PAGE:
Barbara’s request to guests on her project was to write in response to a prompt – a fragment she’d pull from that morning’s newspaper coverage of events in the Middle East. As an invited writer, you had to somehow use the phrase she’d selected – a word or a few words – as a starting point and turn the story around in a few hours. Each narrative produced had to be up to 1001 words long and each evening Barbara would perform that day’s story on the Internet as a live webcast. She did this continuously, daily, for almost three years – 1001 nights to be precise, ending in March 2008. Once again, there was something appealing and creatively liberating to me about the constraint – the very short length and the process of writing under a time limit. Most of the second wave of Endland Stories included in this collection ––  murky and opaque, intentions seem good, I thought I smelled something dirty, paying for a bullet, wanted to get a good look, generally unsmiling and now not moving ––  were initially written for Barbara’s project. Two further stories were also done around this same time for projects by other artists. For performance maker Kate McIntosh’s solo work Loose Promise (2007), I created a text which had to include elements from a menu of words and events she’d compiled. For Goran Sergej Pristas and Nikolina Bujas-Pristas of Zagreb-based group BADco meanwhile, I wrote at their instruction, a new version of Aesop’s fable The Ant and the Grasshopper, which became one of the texts for the group’s 2007 performance, Changes. This “second wave” of Endland stories is published together for the first time in this collection, alongside all of the stories from the original UK publication. Both “batches” share an interest in creating a place/space which hybridises different geographies and fictions and which is dominated by dark humour, absurdist puns and general air of malevolence. Shifting in time and apparent location, mixing the high tech and the decayed/archaic, colliding the realistic and the impossible, Endland was always a messy place: at once a capitalist free-for-all, an anarchistic bedlam, a post-apocalypse retro-medieval nightmare, a Central European civil war zone and a heavily trade unionised pre-yuppie-fication military junta Housing Estate in Rotherham or Doncaster. In the more recent stories, there is also somehow more America in Endland, perhaps since I’ve spent more time in America. There’s also more Iraq and Afghanistan in it, too – not surprising I guess – as the war wagons of geo-politics and atrocity have moved on in that direction. In addition, the fictional modes of fairy tale, pub anecdote, parable and condensed movie plot have been boosted by a thick residue of digital culture. As a result, the reality of the newer stories is now prone to error-messages, pixilation, artefacting and other compression faults, as well as to the jump-cuts, sarcastic punch lines, graffiti, exaggerations and pseudo-moralising that abound in the earlier set of stories.*Endland exists and does not exist. It is not locatable on maps and no doubt its relation to any ‘England’ described in newspaper accounts or in realist fiction of the last 30 years is highly tangential. My hope is that these grotesque tales out of Endland – ontologically, geographically and temporally confused as they are – might get closer to the heart of things than might be possible by other narrative means – fictional or otherwise. I hope that as work, these stories come closer to the bone – closer to the essence of the strange and bitter times we are living in. It is my belief at least, that the psychological, political and cultural landscapes we’ve been walking in these days – from Thatcher to Google, with IFOR, ICANN, Big Brother and Bin Laden in between – need strange fucking tools to navigate them.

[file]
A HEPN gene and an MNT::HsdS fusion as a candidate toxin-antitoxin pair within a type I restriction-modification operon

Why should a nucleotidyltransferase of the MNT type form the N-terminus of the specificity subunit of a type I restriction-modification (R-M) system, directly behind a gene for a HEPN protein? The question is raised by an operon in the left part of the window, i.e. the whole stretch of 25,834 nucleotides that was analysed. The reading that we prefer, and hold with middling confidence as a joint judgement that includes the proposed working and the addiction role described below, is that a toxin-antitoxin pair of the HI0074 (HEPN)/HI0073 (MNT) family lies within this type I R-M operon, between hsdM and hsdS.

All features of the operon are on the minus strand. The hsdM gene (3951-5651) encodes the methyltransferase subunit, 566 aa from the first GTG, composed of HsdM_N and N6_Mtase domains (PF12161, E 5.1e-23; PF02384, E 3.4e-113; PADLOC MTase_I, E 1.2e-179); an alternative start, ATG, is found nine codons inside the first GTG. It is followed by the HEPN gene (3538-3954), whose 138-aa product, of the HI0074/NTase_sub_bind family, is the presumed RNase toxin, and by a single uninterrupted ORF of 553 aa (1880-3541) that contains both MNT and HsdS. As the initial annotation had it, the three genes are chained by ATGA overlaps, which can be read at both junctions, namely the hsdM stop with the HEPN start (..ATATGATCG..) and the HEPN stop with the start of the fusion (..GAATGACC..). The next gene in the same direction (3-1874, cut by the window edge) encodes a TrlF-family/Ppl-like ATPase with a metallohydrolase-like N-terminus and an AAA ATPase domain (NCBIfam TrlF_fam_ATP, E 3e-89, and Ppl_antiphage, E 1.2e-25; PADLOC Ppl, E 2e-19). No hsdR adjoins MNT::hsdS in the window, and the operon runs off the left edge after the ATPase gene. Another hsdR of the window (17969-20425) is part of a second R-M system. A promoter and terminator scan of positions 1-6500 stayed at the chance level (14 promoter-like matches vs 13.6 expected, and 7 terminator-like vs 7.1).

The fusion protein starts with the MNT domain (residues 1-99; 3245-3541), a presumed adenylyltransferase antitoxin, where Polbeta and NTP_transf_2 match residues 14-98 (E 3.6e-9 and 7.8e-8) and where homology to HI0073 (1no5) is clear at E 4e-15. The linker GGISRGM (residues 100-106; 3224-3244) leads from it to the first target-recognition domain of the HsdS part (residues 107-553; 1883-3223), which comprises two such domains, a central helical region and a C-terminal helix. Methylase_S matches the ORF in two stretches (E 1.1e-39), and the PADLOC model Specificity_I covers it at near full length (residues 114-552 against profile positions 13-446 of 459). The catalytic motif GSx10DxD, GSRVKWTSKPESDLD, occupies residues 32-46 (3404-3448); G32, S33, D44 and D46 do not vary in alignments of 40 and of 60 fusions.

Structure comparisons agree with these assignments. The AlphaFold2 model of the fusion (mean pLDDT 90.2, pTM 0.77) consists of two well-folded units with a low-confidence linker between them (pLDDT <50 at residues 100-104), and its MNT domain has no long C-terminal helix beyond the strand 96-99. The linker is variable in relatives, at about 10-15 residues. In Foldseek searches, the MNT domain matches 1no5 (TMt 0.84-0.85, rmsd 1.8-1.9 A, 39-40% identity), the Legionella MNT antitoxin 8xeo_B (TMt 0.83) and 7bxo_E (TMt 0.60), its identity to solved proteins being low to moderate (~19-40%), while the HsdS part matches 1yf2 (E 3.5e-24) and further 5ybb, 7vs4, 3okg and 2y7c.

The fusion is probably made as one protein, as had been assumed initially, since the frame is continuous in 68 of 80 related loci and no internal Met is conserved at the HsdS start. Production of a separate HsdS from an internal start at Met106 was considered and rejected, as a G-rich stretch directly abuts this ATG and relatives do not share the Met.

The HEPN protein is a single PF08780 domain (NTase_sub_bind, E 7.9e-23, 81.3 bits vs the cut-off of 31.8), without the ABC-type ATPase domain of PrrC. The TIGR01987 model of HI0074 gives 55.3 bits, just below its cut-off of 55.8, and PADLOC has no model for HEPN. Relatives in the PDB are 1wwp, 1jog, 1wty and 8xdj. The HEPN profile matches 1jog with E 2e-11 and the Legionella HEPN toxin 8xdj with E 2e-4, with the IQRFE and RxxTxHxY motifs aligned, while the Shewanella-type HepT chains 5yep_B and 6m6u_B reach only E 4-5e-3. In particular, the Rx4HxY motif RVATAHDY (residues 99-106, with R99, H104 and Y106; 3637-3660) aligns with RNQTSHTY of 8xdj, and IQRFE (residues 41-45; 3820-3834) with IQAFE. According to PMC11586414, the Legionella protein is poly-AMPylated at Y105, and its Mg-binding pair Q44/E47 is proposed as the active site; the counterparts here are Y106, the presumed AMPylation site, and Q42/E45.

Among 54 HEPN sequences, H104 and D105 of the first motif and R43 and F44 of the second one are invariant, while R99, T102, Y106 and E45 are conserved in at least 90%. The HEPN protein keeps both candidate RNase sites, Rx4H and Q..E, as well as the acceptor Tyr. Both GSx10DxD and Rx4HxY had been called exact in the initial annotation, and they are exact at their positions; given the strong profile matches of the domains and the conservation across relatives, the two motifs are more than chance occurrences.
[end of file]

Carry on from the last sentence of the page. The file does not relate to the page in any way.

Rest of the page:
Finally my thanks go to Tony White and Elaine Palmer for their parts in getting Endland Stories started, and to Barbara Campbell for her project 1001 nights cast which offered space for me to continue these stories. I’d like thank my agent Ivan Mulcahy at Mulcahy Conway as well as Sabine Schulz and Michael Heitz at Diaphanes for their interest in creating this German edition. And last but not least big thanks to my friend Astrid Sommer who has translated these stories with a patience and an attention to detail that’s never ceased to amaze me. I will miss Astrid’s emails seeking clarification for the possible meaning of made-up film titles, invented slang words or arcane aspects of Endland/England and the characters inhabiting it.